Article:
Well as I’m sure you’ve heard, it’s been snowing lustily all over most parts of Romania, including here in magical Unicorn City, and looking out my window is now as pretty as a postcard.
In fact, I believe it’s STILL snowing as I write this but because it’s the first snow of the season so far people are (mostly) taking it in stride, not panicking or whining or trembling in fear of “The White Apocalypse” or otherwise indulging in typical tropey hysteria that an ordinary winter phenomenon will wipe out all civilization as we know it. So that’s a nice change.
Today is also Election Day, when far fewer than 50% of the population will go to the polls and vote for members of parliament. It’s likely that roughly half of the total votes will go to the USL, which means it is expected that they will be crowing about how “popular” they are after receiving the support of 1/4 of the population.
Or it could be that the results are far more mixed and then a series of shaky alliances will be formed, leading rapidly to betrayals and defections when problems arise (as they will), complete with lots of finger pointing and accusations.
Either way, whichever party or alliance “wins”, they will then enact a few laws to crow about, pass about 100 laws and emergency decrees that people will hate, blame any shortcomings on the opposition and take one faint word of praise from the EU or any of its constituent bodies and make it seem like an epic Homeric ballad.
I like to think of Romania’s government as an old steam train. The people are sequestered in the passenger cars and whether they complain or don’t complain, nothing they do will change where the train is headed. Meanwhile up in the locomotive, the team supposed to be driving the train is constantly busy slugging it out in a perennial fistfight, each person struggling over the controls. The EU meanwhile is constantly delivering free coal so that the train never runs out of fuel but this just causes the people in the locomotive to fight over the coal as well.
And while the passengers are sighing with frustration and there’s a vicious battle going on in the locomotive, the minions of the IMF and World Bank are silently and efficiently laying down rails and cross-ties as quickly as they can, confident that no matter who ends up winning supremacy on the train, ultimately it can only go where the track leads.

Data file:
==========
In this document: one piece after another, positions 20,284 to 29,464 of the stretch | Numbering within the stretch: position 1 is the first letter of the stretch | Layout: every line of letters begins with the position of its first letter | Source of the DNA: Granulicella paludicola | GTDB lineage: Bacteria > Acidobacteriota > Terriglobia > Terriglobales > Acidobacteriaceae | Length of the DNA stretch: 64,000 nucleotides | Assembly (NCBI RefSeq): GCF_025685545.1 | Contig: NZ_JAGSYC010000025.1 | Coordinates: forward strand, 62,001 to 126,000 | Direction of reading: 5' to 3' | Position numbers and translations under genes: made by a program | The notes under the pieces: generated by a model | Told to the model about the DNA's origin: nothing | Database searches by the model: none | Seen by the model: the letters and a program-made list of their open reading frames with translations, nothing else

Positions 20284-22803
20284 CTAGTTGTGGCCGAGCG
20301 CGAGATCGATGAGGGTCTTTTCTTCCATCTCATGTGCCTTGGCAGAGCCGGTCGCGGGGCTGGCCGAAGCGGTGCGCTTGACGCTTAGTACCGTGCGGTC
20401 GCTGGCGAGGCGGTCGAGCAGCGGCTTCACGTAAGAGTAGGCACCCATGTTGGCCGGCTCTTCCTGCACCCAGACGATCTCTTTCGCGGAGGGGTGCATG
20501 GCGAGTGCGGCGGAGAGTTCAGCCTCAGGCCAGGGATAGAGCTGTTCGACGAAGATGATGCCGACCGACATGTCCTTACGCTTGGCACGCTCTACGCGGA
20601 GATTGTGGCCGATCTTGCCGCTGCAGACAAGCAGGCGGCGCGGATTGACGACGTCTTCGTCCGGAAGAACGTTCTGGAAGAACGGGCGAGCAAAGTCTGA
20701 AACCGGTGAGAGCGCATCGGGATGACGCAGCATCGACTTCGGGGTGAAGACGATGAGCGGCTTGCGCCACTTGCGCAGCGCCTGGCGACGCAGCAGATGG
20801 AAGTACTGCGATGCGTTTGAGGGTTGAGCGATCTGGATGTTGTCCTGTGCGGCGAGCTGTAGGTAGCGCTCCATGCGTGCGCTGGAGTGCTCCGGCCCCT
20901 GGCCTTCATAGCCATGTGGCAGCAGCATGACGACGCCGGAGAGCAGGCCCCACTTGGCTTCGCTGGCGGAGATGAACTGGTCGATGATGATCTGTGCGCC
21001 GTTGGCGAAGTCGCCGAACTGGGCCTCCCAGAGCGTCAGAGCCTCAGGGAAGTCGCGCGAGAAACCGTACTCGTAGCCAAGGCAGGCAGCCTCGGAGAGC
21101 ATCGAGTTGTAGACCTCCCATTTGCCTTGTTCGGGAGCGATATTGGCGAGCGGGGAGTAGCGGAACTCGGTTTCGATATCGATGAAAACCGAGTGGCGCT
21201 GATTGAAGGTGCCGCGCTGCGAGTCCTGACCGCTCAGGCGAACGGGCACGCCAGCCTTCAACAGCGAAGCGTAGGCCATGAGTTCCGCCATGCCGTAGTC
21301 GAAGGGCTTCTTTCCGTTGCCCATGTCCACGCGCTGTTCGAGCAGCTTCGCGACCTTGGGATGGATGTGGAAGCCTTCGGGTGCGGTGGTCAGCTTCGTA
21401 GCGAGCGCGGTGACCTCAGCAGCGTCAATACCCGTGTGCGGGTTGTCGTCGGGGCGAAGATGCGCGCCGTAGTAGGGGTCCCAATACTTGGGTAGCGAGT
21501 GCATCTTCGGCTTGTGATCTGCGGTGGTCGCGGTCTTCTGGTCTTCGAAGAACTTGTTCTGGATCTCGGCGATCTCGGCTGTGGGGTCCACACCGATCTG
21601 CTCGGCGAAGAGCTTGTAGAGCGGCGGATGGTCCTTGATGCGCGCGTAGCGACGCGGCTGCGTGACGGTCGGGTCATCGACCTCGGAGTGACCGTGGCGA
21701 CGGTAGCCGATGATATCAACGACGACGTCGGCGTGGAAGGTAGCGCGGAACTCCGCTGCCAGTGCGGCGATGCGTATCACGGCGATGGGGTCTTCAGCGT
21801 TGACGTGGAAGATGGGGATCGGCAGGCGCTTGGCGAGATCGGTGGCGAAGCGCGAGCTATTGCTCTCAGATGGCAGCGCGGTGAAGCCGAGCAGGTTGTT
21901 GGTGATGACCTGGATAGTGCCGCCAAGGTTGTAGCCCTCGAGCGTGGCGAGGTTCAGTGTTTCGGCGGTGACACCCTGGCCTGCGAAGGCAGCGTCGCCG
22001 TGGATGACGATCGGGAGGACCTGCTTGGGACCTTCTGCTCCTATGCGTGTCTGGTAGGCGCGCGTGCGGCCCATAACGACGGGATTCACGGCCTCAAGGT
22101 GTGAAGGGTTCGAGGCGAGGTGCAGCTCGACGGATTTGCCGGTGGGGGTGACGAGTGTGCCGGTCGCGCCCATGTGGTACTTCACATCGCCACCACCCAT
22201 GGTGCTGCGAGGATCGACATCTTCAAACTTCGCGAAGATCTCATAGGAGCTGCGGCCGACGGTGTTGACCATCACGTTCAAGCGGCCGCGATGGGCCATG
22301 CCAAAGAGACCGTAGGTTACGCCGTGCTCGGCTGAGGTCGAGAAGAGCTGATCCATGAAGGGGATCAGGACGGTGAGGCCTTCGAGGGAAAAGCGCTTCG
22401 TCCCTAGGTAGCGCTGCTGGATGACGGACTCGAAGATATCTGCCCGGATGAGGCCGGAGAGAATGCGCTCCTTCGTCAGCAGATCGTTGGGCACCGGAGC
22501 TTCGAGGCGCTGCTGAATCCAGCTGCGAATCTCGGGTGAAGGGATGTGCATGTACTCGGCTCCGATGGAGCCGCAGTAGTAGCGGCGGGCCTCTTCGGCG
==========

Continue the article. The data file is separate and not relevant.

Yesterday my perennially drunk landlord, a man so absorbed in his addiction that I haven’t seen him sober even once in years (you might remember my story about him called Plumbing Fun on a Saturday Night and others), came over and we had a brief chat about the elections.
His strategy is to vote for whichever party has the least chance to win (at the moment I think that’d probably be PER). Why? Because if he votes for someone who wins and then the politician ends up doing nothing that s/he promised (as is likely to happen) or turns out to be a thief and a liar, then he won’t feel disappointed. My landlord doesn’t want to feel like some corrupt douchebag got into office with his help and so to avoid making that mistake, he always votes for a politician who is sure to lose.
Folks, you can’t make up that kind of cynicism, all this from a constantly drunk man who put in his fair share of years under the old Communism regime. I certainly understand where he’s coming from, as well as I understand the lunacy going on in various parts of this country, such as Claudia Boghicevici’s husband getting the shit beat out of him by USL “youths”. I also understand why millions of people won’t even bother to vote at all today.
When I was younger I used to watch a rather insipid show called The Greatest American Hero. But it had an interesting premise, that an ordinary person was given a magical suit with amazing abilities but then the instruction booklet was lost. So in every episode he was constantly trying to figure out how the fiddily f*** to use the suit, which sometimes worked and did awesome things but most of the time was a disaster.
Well that’s kind of Romania, eh? Shot the old dictator and then inherited powerful abilities but nobody ever got the instruction manual on what exactly a representative democracy even means. Okay you go to the polls every once in a while and vote (like today) but then what happens the rest of the time?
I’ve reached out to a few NGOs here and other organizations and they’re doing their best and occasionally making a little progress but honestly nothing they are doing is really reaching the folks on the ground, the ordinary people in their everyday lives.
All summer I was struggling to understand what role *I* could play and the answer that I came up with is Project Iceberg, which will be unveiled in the early part of next year. Until then I can’t get into any details but let’s just say that it’s my portrayal of “how to use the suit” or how to make democracy work on a real, grounded, everyday level.
Wherever you are, be sure to stay warm and don’t forget to vote for Aurelia Cristea if you live (and will be voting) in Cluj! :)
Note: just so it’s 100000% clear, in no way whatsoever am I being paid or compensated to endorse her candidacy nor is she or her team in any way officially desirous of any endorsement on my part. I just know good people when I meet them and all I am doing is expressing my own personal opinion here.
So this is my note to People Reading This In The Future Who Are Too Stupid To Figure Out Things Which Should Be Obvious and yes I mean you, sir!